Is there a correlation between fine motor delay and speech delay?

By Stephanie Sigal, M.A. CCC-SLP

NYC Pediatric Speech Language Pathologist

In my speech therapy practice, I often find that children with articulation delay or disorders often have difficulty with fine motor skills.

Speech is the finest, fine motor skill we have.  Think about the intricacies required for saying the multisyllabic word “buttercup”.  To say this word, your lips come together for /b/.  Next, the tip of your tongue touches the area just behind your top front teeth for /t/.  Then, the back of your tongue spreads out for /r/, and immediately moves upwards for /k/.  Finally, your lips come back together for /p/.  The muscles of the mouth (jaw, lips and tongue) have to perform very specific movements so a word is produced with appropriate speech clarity.  Using words in sentences and conversation requires rapid and precise muscle movements.

The jaw, lips and tongue work most optimally when they have a strong and stable trunk to support them.  A child should sit upright with his or her feet supported, and the ankles, knees, hips and chin at right angles for optimal respiration, phonation, resonation and articulation.  When a child sits on the floor in a “W” shaped position, the knees are bent with one foot on each side of the child’s tushy, not allowing for an upright posture.  Children should be encouraged to sit on the floor with their legs straight out in front of them or in a criss-cross / Tailor-sit position.

Many children make predictable developmental sound substitutions as they are learning to talk.  Articulation errors may involve substituting one sound for another (“tar” for car), omitting a sound in a word (“boo” for blue), or distorting a sound.  Guidelines as to when individual speech sounds should appear can be found here.

A speech therapist can be helpful in improving your child’s speech clarity.  It is important for the therapist to understand why your child is having difficulty saying speech sounds.  For example, is the jaw unstable?  Does he or she not achieve adequate lip closure?  Does the tongue have a poor range of motion?  When oral motor therapy is used in conjunction with traditional articulation techniques (practicing individual speech sounds), excellent results are often achieved.

Thumbsucking, pacifier use, bottles and sippy cups should be avoided past age one for appropriate speech clarity, as long as nutrition is not compromised.  The non-dissociated movement that occurs while suckling does not allow for the muscles of the jaw, lips and tongue to work independently.  Suckling may lead to tongue thrusting.

The jaw, lips and tongue have precise fine motor jobs.  Encouraging good speech habits can help the muscles of your child’s mouth work more efficiently.

Stephanie Sigal M.A. CCC-SLP is a speech therapist practicing in children’s homes on the Upper East Side of Manhattan.  Stephanie specializes in improving children’s articulation and language skills.  She additionally prepares NYC children for kindergarten.  To learn more about Stephanie and her speech therapy practice, please visit her website or you may contact her at or 646-295-4473.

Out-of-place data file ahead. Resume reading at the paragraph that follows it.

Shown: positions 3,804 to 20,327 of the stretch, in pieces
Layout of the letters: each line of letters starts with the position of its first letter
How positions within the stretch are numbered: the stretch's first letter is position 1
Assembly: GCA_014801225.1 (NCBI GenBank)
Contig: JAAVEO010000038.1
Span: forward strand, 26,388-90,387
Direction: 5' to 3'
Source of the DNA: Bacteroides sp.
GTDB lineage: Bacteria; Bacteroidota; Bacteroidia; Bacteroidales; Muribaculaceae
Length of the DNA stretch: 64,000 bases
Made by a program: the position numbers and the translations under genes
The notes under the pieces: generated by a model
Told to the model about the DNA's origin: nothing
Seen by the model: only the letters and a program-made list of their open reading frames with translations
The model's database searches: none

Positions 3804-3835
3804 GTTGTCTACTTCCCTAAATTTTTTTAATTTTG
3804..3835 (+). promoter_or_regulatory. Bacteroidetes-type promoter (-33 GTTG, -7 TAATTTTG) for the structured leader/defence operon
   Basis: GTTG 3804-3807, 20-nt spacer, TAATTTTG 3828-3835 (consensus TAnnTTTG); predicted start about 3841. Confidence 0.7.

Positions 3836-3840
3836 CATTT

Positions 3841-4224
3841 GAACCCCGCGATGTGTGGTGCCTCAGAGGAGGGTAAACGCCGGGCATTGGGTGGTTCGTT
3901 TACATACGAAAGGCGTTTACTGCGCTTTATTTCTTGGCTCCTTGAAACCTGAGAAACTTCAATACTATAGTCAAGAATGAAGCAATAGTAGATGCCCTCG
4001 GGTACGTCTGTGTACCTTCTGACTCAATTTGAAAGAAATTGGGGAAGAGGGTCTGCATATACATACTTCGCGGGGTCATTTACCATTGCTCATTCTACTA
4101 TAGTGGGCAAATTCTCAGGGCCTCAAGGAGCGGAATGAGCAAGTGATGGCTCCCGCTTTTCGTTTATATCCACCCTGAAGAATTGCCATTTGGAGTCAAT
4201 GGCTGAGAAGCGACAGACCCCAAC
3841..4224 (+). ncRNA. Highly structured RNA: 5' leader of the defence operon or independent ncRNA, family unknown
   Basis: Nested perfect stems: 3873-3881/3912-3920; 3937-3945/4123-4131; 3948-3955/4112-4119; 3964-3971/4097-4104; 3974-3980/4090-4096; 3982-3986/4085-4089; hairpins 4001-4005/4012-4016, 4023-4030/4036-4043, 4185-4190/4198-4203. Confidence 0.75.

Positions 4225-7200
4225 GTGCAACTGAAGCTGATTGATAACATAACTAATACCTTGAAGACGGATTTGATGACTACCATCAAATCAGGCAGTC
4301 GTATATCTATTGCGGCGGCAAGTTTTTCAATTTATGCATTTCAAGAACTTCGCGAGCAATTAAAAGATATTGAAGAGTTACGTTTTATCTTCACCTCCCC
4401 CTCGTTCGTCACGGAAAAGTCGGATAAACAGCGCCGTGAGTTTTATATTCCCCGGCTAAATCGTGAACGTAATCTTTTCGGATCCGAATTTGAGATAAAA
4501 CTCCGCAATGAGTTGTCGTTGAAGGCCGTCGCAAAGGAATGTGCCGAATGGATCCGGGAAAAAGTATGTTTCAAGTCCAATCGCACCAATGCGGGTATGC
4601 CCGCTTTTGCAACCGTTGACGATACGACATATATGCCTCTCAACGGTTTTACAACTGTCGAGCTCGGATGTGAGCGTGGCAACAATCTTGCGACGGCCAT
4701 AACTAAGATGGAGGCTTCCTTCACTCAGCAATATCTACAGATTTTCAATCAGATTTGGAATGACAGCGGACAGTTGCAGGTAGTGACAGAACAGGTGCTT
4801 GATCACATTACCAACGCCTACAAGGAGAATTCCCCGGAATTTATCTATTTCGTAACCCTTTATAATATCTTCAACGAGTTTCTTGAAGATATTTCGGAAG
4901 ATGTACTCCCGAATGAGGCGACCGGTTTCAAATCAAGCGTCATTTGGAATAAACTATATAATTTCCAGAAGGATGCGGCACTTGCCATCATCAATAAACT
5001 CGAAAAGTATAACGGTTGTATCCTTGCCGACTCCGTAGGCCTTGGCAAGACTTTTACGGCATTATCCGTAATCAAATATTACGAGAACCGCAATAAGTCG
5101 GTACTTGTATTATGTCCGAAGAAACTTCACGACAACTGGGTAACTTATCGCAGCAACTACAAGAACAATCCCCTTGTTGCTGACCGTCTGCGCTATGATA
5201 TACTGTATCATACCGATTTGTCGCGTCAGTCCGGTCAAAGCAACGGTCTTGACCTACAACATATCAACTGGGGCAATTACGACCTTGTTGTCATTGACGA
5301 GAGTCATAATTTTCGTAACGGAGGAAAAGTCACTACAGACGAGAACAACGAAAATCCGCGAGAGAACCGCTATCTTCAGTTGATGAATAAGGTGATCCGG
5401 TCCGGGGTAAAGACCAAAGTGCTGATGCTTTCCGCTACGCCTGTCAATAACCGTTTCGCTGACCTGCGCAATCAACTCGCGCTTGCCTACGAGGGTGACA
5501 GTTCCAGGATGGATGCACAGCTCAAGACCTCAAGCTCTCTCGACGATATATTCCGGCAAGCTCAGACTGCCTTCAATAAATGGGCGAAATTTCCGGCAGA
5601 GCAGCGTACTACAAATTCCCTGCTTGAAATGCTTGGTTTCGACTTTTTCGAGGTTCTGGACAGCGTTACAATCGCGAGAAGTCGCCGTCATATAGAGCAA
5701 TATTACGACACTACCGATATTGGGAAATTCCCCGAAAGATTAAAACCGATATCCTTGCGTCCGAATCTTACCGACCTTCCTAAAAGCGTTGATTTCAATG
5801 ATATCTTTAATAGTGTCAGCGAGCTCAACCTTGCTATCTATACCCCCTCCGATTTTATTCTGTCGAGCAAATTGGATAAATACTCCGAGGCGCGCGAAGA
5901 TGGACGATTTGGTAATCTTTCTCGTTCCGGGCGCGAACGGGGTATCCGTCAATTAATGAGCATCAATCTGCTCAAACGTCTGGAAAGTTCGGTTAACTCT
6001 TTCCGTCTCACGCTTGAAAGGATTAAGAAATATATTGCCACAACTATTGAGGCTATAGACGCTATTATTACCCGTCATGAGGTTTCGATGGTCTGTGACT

Is Cursive Writing Relevant in the 21st Century?

When we think of cursive writing, many of us think of an antiquated penmanship that our grandparents once used. This is true, however, cursive writing continues to be taught in most elementary schools across the country and for good reason. Below are the top reasons why cursive writing still holds value in our ever changing, fast growing world of technology.

  • Cursive allows students to be faster and more efficient with their writing (as opposed to printing) so they can enhance their note taking and test taking skills.
  • Cursive boosts confidence – Children who enjoy writing will write often, leading to better language arts skills overall.
  • High schoolers benefit from it on the SAT – The College Board found that students who wrote in cursive scored slightly higher than those who printed, on the handwritten section that they just added to the SAT a few years ago.
  • Jobs require it – A recent search revealed some job descriptions require legible handwriting.
  • Email and typing is not always appropriate- we use cursive all the time- writing notes, letters, lists. We need to be able to read our writing & others need to as well.
  • Today’s cursive style is easier to read and write- the cursive taught today is not like the old school cursive that older generations were once taught. The Handwriting Without Tears program focuses on a simple style that eliminates the fancy curly cues, loops and other difficult aspects that cursive once included. It’s much easier to learn and faster to write.

Compiled and condensed from Handwriting Without Tears

What is Pediatric Occupational Therapy?

Occupational Therapy is a health profession focused on maximizing an individual’s ability to function in his/her daily life. An Occupational Therapist addresses difficulties arising from cognitive impairment, physical injury, psychosocial dysfunction, developmental or learning disabilities. Many people associate the word occupation with “work”. Therefore, it is usually surprising to hear that Occupational Therapists often treat children. A child’s “work” is comprised of play, self-care skills, learning, school performance and social interactions. Most of these skills fall within the following areas:

  • Fine motor skills (ex: stringing beads, grasp on a crayon/eating utensils, manipulation of clothing fasteners)
  • Visual motor skills (ex: tracing lines, completing puzzles, imitating shapes via drawing, copying block designs)
  • Sensory processing skills
  • Self help skills (grooming and dressing)
  • Handwriting (grapho-motor skills)
  • Environmental adaptations (organizing and adapting home/classroom to meet each child’s specific needs)
  • Play and socialization
  • Neuromuscular development (muscle strength and endurance)

As therapists, we tap into a child’s interests to provide challenging therapeutic activities aimed at improving areas of weakness. We specialize in creating opportunities for children to master developmental tasks and achieve independence in home, school and within their communities. Therapy sessions look like “play”, which is exactly what the children who are participating think they are doing. Occupational Therapists are trained extensively in psychology, human physiology and development. Therapists often continue training beyond college to become certified in specific areas of treatment including, but not limited to, Sensory Integration (SIPT certified), Handwriting and Listening Therapy.

What is Sensory Integration?